Chuck Lorre Wants Critics To Hate Him Again

When Chuck Lorre received a critics’ award for The Big Bang Theory, he seemed as amazed as everyone at the change in his critical fortunes. A few years ago we were seeing stories about how Two and a Half Men was the most popular comedy on TV despite the scorn of critics, with Lorre doing the usual routine of a successful creator whose show gets bad reviews (claiming, correctly, that he mostly cares about pleasing the public rather than critics, but betraying some insecurity about the critical putdowns). Big Bang Theory started off with the same kind of reviews, but once it got funny, it became a favourite with critics — particularly younger critics who maybe were getting a little fed up with non-traditional sitcoms. (Part of the success of the show, I think is based on the fact that if you can come up with a young-skewing traditional sitcom, you pull in young viewers who have grown to see the single-camera format as the boring old establishment, with theatre-style comedy as the insurgent upstart. Something like that already happened in the early ’70s.) But Lorre’s next show sounds like it might bring him some critical scorn and restore order to the universe:

CBS has handed out a pilot order to “Mike and Molly,” a multicamera comedy from Chuck Lorre — the mastermind behind the network’s top comedies “Men” and “The Big Bang Theory” — and “Men” executive producer Mark Roberts.

Roberts wrote the pilot, an ensemble revolving around a couple who struggle with overeating and meet at Overeaters Anonymous. He will executive produce with Lorre for Warner Bros. TV, where Lorre is based.

This concept can be summed up as “it’s another show about a fat guy and a hot girl, except they’re both fat.” (Lorre used to produce Roseanne, after all.) Though to be fair, when I describe it that way, it actually sounds mildly refreshing in a comedy world mostly composed of skinny people.  Of course, I actually have no idea if this show will be good or bad. The only interesting question at the moment, then, is whether Lorre’s newfound critical respectability will help or hurt it in the reviews; will it arrive in an atmosphere where critics have high expectations? If so, that might hurt it critically,  since it will undoubtedly be a lot closer to Men. BBT obviously has a lot of Men‘s smarmy sex jokes in it, but it’s separated from Lorre’s other show because its co-creator, Bill Prady, did not work on Men. Roberts, a former actor whom Lorre took under his wing as a writer, has been working on Men since the beginning.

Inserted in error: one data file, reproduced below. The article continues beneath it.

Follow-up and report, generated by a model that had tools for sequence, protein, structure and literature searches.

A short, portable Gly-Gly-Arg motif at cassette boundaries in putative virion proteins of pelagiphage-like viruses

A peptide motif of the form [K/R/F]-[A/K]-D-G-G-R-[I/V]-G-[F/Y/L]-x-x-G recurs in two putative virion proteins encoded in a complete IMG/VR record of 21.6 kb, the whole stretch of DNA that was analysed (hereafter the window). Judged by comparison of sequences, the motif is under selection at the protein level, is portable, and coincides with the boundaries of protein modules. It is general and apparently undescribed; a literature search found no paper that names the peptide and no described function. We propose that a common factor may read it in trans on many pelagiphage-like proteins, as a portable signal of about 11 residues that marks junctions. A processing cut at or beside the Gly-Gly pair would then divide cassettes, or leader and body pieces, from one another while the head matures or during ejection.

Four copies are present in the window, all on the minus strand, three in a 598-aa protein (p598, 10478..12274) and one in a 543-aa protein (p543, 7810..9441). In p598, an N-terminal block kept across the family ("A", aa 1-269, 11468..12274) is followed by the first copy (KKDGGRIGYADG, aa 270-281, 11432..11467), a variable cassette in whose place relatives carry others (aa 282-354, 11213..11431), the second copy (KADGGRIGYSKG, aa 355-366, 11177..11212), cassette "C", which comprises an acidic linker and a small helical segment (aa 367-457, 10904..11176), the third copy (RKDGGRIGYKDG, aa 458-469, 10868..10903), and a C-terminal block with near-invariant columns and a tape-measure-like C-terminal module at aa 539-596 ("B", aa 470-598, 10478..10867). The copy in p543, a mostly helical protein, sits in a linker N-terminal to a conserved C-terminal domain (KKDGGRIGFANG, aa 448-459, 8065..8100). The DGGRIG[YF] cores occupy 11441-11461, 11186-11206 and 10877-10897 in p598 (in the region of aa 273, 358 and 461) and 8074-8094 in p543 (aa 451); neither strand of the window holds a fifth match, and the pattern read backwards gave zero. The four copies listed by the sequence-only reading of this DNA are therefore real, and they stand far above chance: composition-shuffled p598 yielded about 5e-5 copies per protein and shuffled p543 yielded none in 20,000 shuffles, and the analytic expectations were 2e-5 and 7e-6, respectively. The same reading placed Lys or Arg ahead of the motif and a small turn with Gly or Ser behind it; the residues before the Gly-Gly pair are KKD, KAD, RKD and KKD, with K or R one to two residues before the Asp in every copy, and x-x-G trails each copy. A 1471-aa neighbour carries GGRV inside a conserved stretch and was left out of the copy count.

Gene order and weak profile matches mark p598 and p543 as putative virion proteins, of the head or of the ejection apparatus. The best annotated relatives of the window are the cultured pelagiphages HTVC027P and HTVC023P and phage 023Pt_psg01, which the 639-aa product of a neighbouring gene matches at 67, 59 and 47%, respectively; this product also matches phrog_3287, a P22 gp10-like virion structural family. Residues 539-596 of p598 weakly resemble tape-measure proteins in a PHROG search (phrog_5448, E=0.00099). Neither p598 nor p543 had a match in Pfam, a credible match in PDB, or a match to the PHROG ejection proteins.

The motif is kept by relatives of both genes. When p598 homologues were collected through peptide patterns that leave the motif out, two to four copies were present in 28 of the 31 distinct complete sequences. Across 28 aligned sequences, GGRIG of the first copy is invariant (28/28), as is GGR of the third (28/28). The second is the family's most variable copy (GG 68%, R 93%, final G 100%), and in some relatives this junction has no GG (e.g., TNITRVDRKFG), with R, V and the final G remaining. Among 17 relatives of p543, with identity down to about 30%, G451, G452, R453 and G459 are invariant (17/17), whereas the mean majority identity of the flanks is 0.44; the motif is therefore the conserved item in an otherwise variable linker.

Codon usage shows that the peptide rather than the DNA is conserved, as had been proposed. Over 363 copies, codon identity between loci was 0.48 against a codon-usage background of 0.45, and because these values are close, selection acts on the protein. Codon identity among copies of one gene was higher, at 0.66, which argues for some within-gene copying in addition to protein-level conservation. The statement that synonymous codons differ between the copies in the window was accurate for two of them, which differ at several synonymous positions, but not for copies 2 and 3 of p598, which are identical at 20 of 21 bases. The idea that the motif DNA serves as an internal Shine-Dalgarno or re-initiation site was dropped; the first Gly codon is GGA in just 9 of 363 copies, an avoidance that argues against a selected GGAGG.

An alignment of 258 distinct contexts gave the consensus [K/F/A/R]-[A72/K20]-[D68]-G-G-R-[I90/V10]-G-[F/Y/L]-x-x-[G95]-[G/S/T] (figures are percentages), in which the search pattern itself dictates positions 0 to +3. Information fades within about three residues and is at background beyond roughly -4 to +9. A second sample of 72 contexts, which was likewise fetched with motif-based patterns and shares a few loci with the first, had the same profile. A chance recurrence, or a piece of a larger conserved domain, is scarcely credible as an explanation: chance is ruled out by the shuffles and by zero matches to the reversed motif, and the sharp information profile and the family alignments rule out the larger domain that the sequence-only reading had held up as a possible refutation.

Now, Two and a Half Men isn’t a bad show either; it’s got a strong cast and can be funny. It’s mean-spirited, and it’s unusually weak for a show that holds the title of Most Popular Comedy On TV, but that says more about the state of U.S. comedy than the show itself; in the ’90s, it would have been a middling success, but this was not the ’90s, and it rose to the top of a weak field.

(I know this is repeating what I’ve said on previous occasions, but many of the best U.S. half-hour comedies of the ’00s wouldn’t have made a top 20 list for the ’90s. But these things go in cycles: the ’70s was a golden age of U.S. sitcoms, and in spite of that — no, because most of the good work was in sitcoms — most of their best dramas wouldn’t even rank among the best 30 of this decade. One reason I like ’90s TV a lot was that it was closer than most decades to having excellent work in both comedy and drama; drama has been stronger in this decade, but a lot of what we’re seeing now is an outgrowth of what started in the ’90s.)

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